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Quote:
Originally Posted by jghorton View Post
Prior to retirement, when one is sitting in the office on a nice day, it's only natural to daydream about escaping into a host of activities one would rather be doing - and envision themselves doing daily, when they retire and 'have enough time.'

But, after retirement, when one actually has all the time in the world to do whatever they want, daydreams of escaping into a flurry of daily activities wane. After a few years, many find that they have done all the fishing, golf, travel, shopping, reading, etc. that they want to do. Then is when one truly needs a vision of how they will meaningfully spend the rest of their lives.
Sounds like an existential crisis. I have not felt that way at all in my 7 or 8 years of retirement.
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Old 02-07-2018, 03:51 PM
 
13,324 posts, read 25,582,469 times
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Quote:
Originally Posted by matisse12 View Post
Sounds like an existential crisis. I have not felt that way at all in my 7 or 8 years of retirement.
I'm starting to feel like the only person in this forum whose main goal in life was to not go to the hospital at 11p every night! Of course, I've only been retired for ten days now and am trying to rev up to get ready to move but the main thing I thought of with retirement, despite all my plans, was to not go to the job and grind my teeth anymore. And one could even say that my job was often productive but, enough. Work took so much out of me that I am going to do whatever I want (or not do) as long as I want (or don't want) and that is that.
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Old 02-07-2018, 03:59 PM
 
5,429 posts, read 3,456,960 times
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Quote:
Originally Posted by brightdoglover View Post
I'm starting to feel like the only person in this forum whose main goal in life was to not go to the hospital at 11p every night! Of course, I've only been retired for ten days now and am trying to rev up to get ready to move but the main thing I thought of with retirement, despite all my plans, was to not go to the job and grind my teeth anymore. And one could even say that my job was often productive but, enough. Work took so much out of me that I am going to do whatever I want (or not do) as long as I want (or don't want) and that is that.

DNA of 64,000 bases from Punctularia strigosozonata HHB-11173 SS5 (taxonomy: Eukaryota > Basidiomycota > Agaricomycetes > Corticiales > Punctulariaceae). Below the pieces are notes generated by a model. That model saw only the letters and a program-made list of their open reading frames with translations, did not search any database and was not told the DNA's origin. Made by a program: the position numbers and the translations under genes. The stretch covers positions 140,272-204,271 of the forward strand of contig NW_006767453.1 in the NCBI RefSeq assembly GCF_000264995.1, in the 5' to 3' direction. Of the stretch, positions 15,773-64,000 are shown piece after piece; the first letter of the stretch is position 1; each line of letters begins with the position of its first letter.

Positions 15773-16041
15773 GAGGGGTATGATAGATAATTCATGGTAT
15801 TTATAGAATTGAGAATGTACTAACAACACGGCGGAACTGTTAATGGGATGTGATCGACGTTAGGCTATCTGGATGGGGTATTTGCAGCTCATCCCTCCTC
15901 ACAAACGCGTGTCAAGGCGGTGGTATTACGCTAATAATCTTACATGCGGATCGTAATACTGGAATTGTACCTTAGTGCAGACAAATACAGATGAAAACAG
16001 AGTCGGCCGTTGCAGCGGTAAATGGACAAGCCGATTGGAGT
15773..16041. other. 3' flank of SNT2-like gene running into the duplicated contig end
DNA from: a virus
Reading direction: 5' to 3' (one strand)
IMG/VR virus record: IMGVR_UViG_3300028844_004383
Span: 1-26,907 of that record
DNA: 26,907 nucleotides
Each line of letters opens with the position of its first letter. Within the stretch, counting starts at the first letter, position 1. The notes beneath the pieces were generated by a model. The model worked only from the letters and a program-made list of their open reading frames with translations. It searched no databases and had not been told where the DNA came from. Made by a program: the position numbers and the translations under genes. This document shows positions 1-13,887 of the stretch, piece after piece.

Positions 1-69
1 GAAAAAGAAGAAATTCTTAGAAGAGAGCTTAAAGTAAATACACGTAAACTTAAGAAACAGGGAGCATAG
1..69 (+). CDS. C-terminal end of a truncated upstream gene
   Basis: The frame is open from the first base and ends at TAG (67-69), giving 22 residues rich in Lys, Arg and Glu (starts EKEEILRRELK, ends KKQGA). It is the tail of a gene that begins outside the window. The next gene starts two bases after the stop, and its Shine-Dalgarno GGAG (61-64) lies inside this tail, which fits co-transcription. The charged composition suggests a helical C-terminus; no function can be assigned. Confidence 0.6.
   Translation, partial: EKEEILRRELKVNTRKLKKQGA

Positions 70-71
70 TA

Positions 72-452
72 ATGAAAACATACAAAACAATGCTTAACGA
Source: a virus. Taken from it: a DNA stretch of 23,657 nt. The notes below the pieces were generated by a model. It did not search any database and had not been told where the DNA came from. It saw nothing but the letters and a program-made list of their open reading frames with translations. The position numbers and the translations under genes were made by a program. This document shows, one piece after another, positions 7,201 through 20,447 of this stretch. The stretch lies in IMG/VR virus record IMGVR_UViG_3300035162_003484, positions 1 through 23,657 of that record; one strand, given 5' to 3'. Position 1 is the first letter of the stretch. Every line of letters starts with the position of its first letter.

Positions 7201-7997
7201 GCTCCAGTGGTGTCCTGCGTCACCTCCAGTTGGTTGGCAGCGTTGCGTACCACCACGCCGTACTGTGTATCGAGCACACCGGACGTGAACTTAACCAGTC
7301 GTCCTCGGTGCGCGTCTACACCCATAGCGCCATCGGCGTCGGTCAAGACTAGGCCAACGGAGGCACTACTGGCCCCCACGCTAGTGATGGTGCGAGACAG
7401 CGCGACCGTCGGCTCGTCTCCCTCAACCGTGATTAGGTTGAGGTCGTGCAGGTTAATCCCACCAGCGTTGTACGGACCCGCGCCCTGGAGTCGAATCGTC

I agree with that and feel the same way! - work took so much out of me, and I'm thrilled not to be working every single day!
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Old 02-07-2018, 04:42 PM
 
28,263 posts, read 39,927,756 times
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Quote:
Originally Posted by brightdoglover View Post
I'm starting to feel like the only person in this forum whose main goal in life was to not go to the hospital at 11p every night! Of course, I've only been retired for ten days now and am trying to rev up to get ready to move but the main thing I thought of with retirement, despite all my plans, was to not go to the job and grind my teeth anymore. And one could even say that my job was often productive but, enough. Work took so much out of me that I am going to do whatever I want (or not do) as long as I want (or don't want) and that is that.
I loved my last job and only retired because I had to, but I feel the same way. I put my time in and I am going to do what i darn well please now.
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Old 02-07-2018, 10:56 PM
 
2,132 posts, read 1,008,336 times
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Quote:
Originally Posted by Lizap View Post
Yes, I agree. But both sets of our parents and others we have known didn't think about retirement before they retired, didn't have any sort of plan and ended up 'wasting' away mentally and physically earlier than they should have.
That is the entirety of my plan - to sit around and do nothing, or read, or binge-watch TV. Or just sit and do nothing some more.

You may call it "wasting away". I call it "SWEET SWEET FREEDOM!"